More Money, More Problems in South Korea
Image Credit: Office of the South Korean President

More Money, More Problems in South Korea


In less than twenty years, South Korea has gone from being a nation of savers to one of the most reckless borrowers in the world. On both government and household levels, South Korea is deep in debt and a crisis could be brewing in the world’s 13th largest economy.

The numbers don’t paint a pretty picture. According to a recent report by the LG Economic Research Institute, 28 percent of South Korean households are unable to make payments on their debts each month and can’t cover their monthly expenses with their current income.

South Korea has a household debt to income ratio of 155 percent.** As of the end of July, household debt totaled 647.2 trillion won (US$573.25 billion), according to the Bank of Korea.

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And that debt is costly. According to a report by Statistics Korea, low-income households are paying more in interest than ever before, with the average interest monthly payment standing at 36,219 won (US$32), 13.6 higher than the year before.

It isn’t just private citizens that are in debt: as of the end of 2011, central and local government debt stood at 420.7 trillion won, according to the Ministry of Finance Central government debt was up 28.5 trillion won (US$25 billion) from the previous year. This is ironic for an administration that ran for office on a conservative, small government platform.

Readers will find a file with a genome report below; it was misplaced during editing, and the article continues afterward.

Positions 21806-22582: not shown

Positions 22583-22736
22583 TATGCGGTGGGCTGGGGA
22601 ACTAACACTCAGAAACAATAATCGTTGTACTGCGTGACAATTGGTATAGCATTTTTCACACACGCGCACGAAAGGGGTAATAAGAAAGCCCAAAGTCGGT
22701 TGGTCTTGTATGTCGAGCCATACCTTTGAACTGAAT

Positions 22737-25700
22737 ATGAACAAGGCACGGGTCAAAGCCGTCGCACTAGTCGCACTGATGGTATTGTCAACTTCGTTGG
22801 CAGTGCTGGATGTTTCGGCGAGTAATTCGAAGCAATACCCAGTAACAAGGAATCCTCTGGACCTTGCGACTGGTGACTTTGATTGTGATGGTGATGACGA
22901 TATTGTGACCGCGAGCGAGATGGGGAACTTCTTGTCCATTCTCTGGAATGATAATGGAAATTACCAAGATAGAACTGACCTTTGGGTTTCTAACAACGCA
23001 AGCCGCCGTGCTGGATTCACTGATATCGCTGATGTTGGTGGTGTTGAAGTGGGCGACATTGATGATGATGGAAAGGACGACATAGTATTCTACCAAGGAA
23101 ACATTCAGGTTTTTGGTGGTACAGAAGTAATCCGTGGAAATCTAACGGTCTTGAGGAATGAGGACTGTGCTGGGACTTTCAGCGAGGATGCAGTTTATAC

The Lee’s government’s aggressive spending can be partially attributed to the pressures of the 2008 global economic crisis. In times of crisis, inaction by politicians is unacceptable to South Korea’s energetic citizenry and a stimulus package of 6.1 percent of GDP was passed, the largest among OECD countries.

The Lee government’s actions in 2008 helped South Korea minimize damage of the global crash, but as of now, the medium-term outlook for the national economy isn’t great. An August 19 Federation of Korean Industries poll of 43 economic experts found 74.4 percent of respondents saying that said there is a high chance that South Korea could enter a prolonged economic slump.

In July, both the Bank of Korea and the Finance Ministry trimmed back their predicted rates of growth from 3.5 to 3 percent and to 3.3 percent from 3.7 percent, respectively.

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